Hippocrates said that “all disease begins in the gut. Whilst this isn’t 100% true (think of genetic disorders), I do believe that it is almost correct. I have a very big interest in gut health in my work, not least because I suffered with problems for many years myself, but also because I am yet to see a client who comes to see me who hasn’t got gut health issues to some extent (even if they are blissfully unaware of them!).
From skin disorders to auto-immune issues and from weight problems to thyroid diseases, and from allergies to immune dysfunction, the gut is pretty much always implicated somewhere in the picture. And once we spend some time healing the gut, a lot of symptoms can and do start to ease, if not completely vanish!
But what exactly do we mean by the gut? Is it the stomach, the intestines, the bowels...?
The gut (digestive tract) is the long tube that starts at the mouth and ends at the back passage (anus). Along the length of the gut are located ‘accessory’ organs (including the tongue, salivary glands, liver, pancreas and gall bladder), which release enzymes and acids in order to help break down the food we eat, so that we can absorb necessary nutrients.
Over the last few years, new research has uncovered a new area of interest which appears to be unbelievably important – the gut microbiota.
The microbiota, formerly known as gut flora, consists of tens of trillions of micro-organisms in the form of good bacteria, fungi, viruses and yeast and all of these known as microbes, inhabit our intestines. It is now becoming clear that they are of incredible importance, as they interact with each other, the food we eat, and other body systems. And each microbiota environment is as unique as our finger prints… In fact, the gut isn’t just an organ system of the body, it is actually an ecosystem in its own right too, and the microbiota is the gut’s brain!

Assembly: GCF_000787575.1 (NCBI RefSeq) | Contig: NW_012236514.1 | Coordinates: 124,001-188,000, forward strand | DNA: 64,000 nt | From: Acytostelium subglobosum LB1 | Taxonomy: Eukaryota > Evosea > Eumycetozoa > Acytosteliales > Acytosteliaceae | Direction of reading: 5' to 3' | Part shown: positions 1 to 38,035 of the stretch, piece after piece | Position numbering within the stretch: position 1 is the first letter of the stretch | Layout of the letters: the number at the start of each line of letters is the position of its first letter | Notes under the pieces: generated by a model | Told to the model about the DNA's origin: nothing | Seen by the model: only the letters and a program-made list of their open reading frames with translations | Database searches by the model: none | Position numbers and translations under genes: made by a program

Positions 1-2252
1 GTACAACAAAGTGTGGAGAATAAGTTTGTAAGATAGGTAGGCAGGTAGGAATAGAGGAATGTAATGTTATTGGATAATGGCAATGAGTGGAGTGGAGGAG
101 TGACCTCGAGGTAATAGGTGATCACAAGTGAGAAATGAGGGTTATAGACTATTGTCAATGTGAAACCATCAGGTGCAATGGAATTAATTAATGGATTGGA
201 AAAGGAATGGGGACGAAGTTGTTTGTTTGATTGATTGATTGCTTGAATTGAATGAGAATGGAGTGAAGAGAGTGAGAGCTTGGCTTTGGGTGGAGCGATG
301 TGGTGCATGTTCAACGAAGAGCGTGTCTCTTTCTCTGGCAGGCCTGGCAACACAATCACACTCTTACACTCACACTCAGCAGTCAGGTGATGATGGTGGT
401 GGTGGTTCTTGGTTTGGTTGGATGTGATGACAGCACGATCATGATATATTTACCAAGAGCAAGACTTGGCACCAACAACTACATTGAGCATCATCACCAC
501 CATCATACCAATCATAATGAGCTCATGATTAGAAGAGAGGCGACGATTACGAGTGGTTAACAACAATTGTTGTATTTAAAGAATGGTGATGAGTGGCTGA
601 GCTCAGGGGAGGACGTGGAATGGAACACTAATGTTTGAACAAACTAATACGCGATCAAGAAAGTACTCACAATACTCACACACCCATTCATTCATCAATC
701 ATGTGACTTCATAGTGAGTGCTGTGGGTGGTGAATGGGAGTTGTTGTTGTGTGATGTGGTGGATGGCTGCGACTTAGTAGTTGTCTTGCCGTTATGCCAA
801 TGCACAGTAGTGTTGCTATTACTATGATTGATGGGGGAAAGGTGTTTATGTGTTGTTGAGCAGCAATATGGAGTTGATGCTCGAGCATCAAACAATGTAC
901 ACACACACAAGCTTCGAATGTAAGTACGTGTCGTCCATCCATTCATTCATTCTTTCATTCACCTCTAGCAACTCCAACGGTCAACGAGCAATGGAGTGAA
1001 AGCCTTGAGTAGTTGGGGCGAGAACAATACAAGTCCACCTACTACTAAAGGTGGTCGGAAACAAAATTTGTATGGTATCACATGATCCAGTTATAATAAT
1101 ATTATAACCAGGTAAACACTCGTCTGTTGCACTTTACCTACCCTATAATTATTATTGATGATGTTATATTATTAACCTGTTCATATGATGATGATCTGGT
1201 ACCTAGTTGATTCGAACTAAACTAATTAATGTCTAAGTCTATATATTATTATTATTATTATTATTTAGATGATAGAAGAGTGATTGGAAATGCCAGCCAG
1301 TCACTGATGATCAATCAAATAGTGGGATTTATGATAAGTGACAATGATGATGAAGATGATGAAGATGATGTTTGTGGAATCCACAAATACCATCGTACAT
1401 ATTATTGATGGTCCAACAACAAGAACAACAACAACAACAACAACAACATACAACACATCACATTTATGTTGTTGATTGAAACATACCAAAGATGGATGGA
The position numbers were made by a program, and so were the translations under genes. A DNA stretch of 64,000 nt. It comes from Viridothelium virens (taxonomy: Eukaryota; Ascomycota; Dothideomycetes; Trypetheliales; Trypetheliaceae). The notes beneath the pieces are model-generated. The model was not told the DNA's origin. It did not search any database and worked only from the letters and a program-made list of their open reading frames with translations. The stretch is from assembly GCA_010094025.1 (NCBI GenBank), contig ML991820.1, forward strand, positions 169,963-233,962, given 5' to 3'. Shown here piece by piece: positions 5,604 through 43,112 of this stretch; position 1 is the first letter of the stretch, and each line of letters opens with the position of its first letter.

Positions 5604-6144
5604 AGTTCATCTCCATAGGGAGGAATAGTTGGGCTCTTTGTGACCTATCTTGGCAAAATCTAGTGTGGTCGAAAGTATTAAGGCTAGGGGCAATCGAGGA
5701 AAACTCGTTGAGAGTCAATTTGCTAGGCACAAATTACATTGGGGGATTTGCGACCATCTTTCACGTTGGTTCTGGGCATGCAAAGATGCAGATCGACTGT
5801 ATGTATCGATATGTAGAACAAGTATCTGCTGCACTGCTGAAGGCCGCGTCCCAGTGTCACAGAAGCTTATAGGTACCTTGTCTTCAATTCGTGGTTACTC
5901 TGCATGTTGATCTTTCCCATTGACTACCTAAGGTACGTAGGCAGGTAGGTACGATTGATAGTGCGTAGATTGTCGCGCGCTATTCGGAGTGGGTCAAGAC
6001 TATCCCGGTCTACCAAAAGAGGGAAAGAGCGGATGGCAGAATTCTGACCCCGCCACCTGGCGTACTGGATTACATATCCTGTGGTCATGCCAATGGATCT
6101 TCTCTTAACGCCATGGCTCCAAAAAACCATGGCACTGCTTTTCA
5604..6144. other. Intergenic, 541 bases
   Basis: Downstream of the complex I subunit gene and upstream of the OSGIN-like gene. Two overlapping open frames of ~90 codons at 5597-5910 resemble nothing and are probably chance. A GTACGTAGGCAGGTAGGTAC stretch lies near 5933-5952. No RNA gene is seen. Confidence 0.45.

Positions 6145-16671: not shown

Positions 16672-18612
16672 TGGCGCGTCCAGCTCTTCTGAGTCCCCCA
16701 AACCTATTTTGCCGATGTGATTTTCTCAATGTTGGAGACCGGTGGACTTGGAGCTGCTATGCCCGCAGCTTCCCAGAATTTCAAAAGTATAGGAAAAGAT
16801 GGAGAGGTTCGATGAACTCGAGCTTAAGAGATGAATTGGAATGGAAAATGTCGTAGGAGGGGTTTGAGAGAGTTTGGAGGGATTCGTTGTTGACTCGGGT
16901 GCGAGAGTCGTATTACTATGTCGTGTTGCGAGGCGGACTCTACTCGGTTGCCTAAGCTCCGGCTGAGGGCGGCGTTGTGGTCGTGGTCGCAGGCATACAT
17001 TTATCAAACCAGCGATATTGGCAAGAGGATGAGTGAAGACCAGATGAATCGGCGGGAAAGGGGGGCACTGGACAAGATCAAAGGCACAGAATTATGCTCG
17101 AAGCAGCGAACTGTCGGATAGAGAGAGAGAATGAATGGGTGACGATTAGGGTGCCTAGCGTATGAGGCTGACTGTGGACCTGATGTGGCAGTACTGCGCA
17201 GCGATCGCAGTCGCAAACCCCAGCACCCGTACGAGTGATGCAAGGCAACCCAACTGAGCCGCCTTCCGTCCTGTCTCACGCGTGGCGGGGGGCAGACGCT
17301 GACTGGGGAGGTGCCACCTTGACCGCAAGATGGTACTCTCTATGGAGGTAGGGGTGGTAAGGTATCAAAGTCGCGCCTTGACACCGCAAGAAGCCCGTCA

When the microbes of the gut are in perfect balance, with the right amount of ‘good’ and ‘bad’ bacteria, the gut is a harmonious place. The microbes aid our digestion; help us to absorb nutrients, to break down toxins, to make certain vitamins and to help our immune system. And believe it or not, they also have an impact on our moods! When out of balance though, the microbes can have the absolute opposite effect and cause lots of problems and discomfort.
And there are many things that can affect our gut health, far more than you may have imagined! Many people know that antibiotics affect our gut health and balance by not only killing off the bad bacteria in the gut, but also destroying the good bacteria. But did you know that whether you were bottle or breast fed has an impact on your gut microbiota? Or that how you were delivered into the world plays a part too? Did you know that age has an impact? And that stress plays a big part in altering your gut balance? Add to this poor diet, environmental toxins and infections and you can see that this incredibly important ecosystem can be vastly different between each of us, and that it can improve and deteriorate at many points during our lives.
What is a healthy (and unhealthy) gut?
Ok, so let’s look at what we actually mean by a healthy/unhealthy gut. A healthy gut shouldn’t regularly suffer from bloating, gas, pain or irregular bowel habits. We all get this occasionally due to something that we consume that perhaps we shouldn’t have, but if you get any of these regularly, this would suggest that you may have gut issues. The amazing thing is that so many people live with bloating, gas and pain on a regular basis and convince themselves that this is the norm… and it really isn’t.
‘Going’ shouldn’t be a pain either! Once or twice a day is optimal, and texture and formation is important. If you’re unsure, take a look at the Bristol Stool Chart here: http://www.sthk.nhs.uk/library/documents/stoolchart.pdf. And the time it takes from eating to passing is estimated at 24 hours (though this can vary from individual to individual).
Don't miss Part 2 of Gut Health where I look at what it means to have a healthy gut, and practical ways in which you can improve your own gut health.
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